Controlling pests without chemicals makes the apples safer to eat.

Apple Tree Infestation With Tiny White Worms

by Joshua Bush

Waiting for the perfect time to pick ripened apples on the tree in your backyard is a test of patience. Finding white worms digging brown tunnels and crawling through your finally developed prized fruit is a test of sanity. When it comes to tiny white worms inside apples, the two most likely suspects are codling moths and apple maggots. You can control both of these pests in backyard trees without pesticides.

Coddling moths

Adult codling moths have gray striped wings with a copper patch toward the outer ends. They are between 1/2 to 3/4 of an inch long and start appearing after the petals fall from the blooms. White larvae eat into the apple from the outside and grow up to 1/2 of an inch long, leaving brown trails as they eat. Control small populations by trapping adults on scented, sticky boards or balls so they can't lay eggs. Heavy infestations might require CYD-X or Spinosad, safe insecticides that do not effect people.

Apple Maggots

Apple maggots mature into a small, black fruit fly about 1/4 inch long that has dark stripes on transparent wings. They start appearing in mid-June, but the greatest numbers are seen in late July and early August. Eggs are laid under the apple skin, where several maggots grow to about 5/16 of an inch, leaving small winding tunnels as they eat. Scented, sticky traps are also the best way to control moderate numbers of apple maggots, but kaolin clay, an organic powder, will discourage egg laying.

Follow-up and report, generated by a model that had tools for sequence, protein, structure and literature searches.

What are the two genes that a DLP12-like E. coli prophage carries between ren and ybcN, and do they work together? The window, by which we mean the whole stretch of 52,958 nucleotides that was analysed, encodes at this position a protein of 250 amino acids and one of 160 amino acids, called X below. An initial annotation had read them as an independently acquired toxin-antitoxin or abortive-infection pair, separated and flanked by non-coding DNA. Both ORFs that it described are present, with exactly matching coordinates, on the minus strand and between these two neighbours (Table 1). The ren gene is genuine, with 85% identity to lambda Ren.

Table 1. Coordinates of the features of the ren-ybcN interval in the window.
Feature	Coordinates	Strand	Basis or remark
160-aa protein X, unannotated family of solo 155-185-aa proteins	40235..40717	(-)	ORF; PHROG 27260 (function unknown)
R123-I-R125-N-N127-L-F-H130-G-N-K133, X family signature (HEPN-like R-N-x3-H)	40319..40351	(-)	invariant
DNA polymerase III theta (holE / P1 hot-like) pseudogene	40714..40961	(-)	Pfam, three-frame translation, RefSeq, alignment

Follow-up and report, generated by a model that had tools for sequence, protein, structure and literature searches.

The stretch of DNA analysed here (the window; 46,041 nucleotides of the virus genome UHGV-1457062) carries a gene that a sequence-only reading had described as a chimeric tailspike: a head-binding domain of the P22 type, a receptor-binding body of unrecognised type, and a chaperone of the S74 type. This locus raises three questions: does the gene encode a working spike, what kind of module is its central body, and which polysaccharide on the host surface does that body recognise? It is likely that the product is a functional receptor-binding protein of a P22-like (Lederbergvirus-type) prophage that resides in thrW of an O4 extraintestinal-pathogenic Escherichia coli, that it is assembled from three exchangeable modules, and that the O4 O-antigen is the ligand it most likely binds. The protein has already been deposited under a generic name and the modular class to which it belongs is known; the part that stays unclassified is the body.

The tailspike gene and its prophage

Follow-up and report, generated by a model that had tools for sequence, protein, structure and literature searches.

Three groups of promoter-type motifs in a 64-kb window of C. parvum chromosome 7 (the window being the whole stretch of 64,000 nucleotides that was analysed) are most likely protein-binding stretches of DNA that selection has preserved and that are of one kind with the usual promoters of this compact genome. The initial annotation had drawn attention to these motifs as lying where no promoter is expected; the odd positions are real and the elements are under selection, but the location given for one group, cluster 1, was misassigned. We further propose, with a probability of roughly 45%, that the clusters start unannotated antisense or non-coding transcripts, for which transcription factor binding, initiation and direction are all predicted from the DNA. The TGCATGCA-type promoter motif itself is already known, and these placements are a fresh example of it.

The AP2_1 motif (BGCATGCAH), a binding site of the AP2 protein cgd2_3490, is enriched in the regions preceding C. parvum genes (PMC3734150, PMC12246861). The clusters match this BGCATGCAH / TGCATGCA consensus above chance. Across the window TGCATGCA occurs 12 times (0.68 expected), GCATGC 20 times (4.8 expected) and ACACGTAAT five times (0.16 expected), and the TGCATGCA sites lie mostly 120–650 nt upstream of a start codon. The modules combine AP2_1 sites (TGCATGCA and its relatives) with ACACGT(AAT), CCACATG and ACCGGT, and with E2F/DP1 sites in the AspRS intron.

Bag Fruit

Bagging apples on the tree will protect the fruit even from high populations of these pests, and others, without any insecticide, though it takes a lot of work. Staple or tie brown paper bags around the stem of young fruit about 3/4 of an inch in size or when the first pests are caught on traps. Remove any unbagged fruit from the tree. Leave the bags on until two weeks before harvest, so the apples can color in the sun.

Under the Tree

Both Codling moths and Apple maggots pupate in the soil after the damaged apples fall from the tree. The tiny white worms eat their way out of the fallen apples and crawl into the first few inches of the dirt. Cleaning up fallen apples as soon as possible is essential in breaking their life cycle. Additionally, allowing clover to grow under the tree can attract predators that feed on insect pupas.

About the Author

Joshua Bush has been writing from Charlottesville, Va., since 2006, specializing in science and culture. He has authored several articles in peer-reviewed science journals in the field of tissue engineering. Bush holds a Ph.D. in chemical engineering from Texas A&M University.

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